It may seem simple, but reading a patent and fully understanding what the patent actually covers can be rather difficult. Let’s begin by reviewing the main sections of the patent. First, we have the patent identification information: the patent number, title, patent holder’s name, owner of the patent (if different), the filing date, the issue date and cited references. Next, we have an abstract which outlines the type of the invention and its basic functions. We then have the patent specifications which explain how to develop and use the invention. We then have drawings of the invention. Lastly, and most importantly, we have the claims, or the legal limitations that the patent covers.
While the specification will cover the invention in general, it does not represent the patent’s legal coverage. Claims are usually very specific and do not cover many of the key functions of the invention as described in the specification. Claims come in two primary classifications, independent claims and dependent claims. Dependent claims incorporate an earlier claim and an additional element making a new, slightly different claim.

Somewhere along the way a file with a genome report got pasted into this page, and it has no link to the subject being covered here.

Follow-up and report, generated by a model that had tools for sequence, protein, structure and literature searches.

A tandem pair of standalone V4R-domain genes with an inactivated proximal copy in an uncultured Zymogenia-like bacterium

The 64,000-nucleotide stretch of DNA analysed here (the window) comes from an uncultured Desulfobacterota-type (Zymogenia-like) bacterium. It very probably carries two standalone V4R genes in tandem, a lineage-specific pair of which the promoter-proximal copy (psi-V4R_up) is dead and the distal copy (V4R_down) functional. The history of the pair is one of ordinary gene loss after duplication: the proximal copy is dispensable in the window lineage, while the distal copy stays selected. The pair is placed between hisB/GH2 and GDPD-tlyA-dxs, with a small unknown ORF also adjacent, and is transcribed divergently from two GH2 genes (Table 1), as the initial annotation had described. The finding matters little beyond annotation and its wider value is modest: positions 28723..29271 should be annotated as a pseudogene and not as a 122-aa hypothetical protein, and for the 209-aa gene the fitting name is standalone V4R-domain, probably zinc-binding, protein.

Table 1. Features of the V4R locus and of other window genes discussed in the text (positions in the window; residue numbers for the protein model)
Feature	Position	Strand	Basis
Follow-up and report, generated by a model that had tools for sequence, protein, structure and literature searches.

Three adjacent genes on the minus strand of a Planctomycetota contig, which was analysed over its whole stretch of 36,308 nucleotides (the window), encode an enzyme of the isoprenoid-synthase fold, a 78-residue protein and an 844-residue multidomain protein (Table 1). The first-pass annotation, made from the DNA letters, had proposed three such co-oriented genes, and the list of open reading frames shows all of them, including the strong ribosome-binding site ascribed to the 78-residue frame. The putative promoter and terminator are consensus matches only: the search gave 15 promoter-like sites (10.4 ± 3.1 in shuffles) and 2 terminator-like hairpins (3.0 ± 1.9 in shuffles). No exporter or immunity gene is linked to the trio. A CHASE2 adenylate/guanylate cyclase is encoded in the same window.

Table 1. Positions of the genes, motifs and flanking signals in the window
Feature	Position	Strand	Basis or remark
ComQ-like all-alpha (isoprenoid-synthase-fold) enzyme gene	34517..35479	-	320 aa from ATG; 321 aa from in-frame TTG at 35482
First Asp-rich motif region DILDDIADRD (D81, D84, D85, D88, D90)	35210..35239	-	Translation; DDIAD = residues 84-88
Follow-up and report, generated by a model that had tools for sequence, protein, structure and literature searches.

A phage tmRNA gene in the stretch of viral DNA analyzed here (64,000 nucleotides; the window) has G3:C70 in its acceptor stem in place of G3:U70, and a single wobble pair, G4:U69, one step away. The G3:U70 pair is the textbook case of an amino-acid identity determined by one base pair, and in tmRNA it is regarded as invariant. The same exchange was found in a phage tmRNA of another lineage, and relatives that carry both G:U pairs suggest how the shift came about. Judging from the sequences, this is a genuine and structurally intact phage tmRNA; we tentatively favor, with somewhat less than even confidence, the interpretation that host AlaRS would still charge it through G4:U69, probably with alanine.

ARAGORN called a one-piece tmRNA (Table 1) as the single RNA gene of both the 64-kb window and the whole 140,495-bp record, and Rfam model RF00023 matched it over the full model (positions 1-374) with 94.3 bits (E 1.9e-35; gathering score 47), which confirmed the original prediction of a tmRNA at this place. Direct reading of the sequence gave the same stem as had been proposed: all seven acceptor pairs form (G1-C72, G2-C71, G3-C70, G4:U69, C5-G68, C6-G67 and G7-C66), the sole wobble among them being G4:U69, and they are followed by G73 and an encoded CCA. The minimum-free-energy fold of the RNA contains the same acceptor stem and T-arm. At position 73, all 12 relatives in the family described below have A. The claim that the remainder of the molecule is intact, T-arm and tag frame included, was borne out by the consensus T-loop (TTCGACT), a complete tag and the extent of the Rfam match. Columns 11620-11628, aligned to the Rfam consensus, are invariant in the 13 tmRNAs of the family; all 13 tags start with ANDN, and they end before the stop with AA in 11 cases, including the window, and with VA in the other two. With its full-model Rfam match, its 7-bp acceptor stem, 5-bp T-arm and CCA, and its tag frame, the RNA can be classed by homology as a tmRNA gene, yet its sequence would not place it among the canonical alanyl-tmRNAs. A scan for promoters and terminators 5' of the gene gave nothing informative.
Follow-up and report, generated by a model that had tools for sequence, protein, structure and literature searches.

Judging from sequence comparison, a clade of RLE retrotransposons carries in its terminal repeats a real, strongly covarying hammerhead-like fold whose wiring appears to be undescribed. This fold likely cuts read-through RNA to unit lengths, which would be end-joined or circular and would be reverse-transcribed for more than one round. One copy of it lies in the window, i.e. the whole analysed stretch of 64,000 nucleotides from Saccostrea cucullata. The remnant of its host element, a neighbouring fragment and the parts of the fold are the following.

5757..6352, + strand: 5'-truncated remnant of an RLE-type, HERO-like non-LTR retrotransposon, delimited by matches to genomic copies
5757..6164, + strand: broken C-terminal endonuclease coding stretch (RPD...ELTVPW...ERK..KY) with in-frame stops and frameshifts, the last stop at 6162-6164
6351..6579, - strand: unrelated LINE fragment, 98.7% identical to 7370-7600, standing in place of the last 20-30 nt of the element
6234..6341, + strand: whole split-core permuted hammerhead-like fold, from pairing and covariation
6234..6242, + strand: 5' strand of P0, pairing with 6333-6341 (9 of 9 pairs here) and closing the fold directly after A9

Constructing your claim can be very difficult and will likely include several rounds of modifications during the patent prosecution process. Saving money on your startup by claiming a patent on your own and avoiding the cost of patent and I.P. lawyers, may sound like a good idea. However, if you are not familiar with the claims process, you will likely find that the process will be difficult and time consuming. Even worse, your start-up’s patent may not cover key claims that will protect your invention down the road.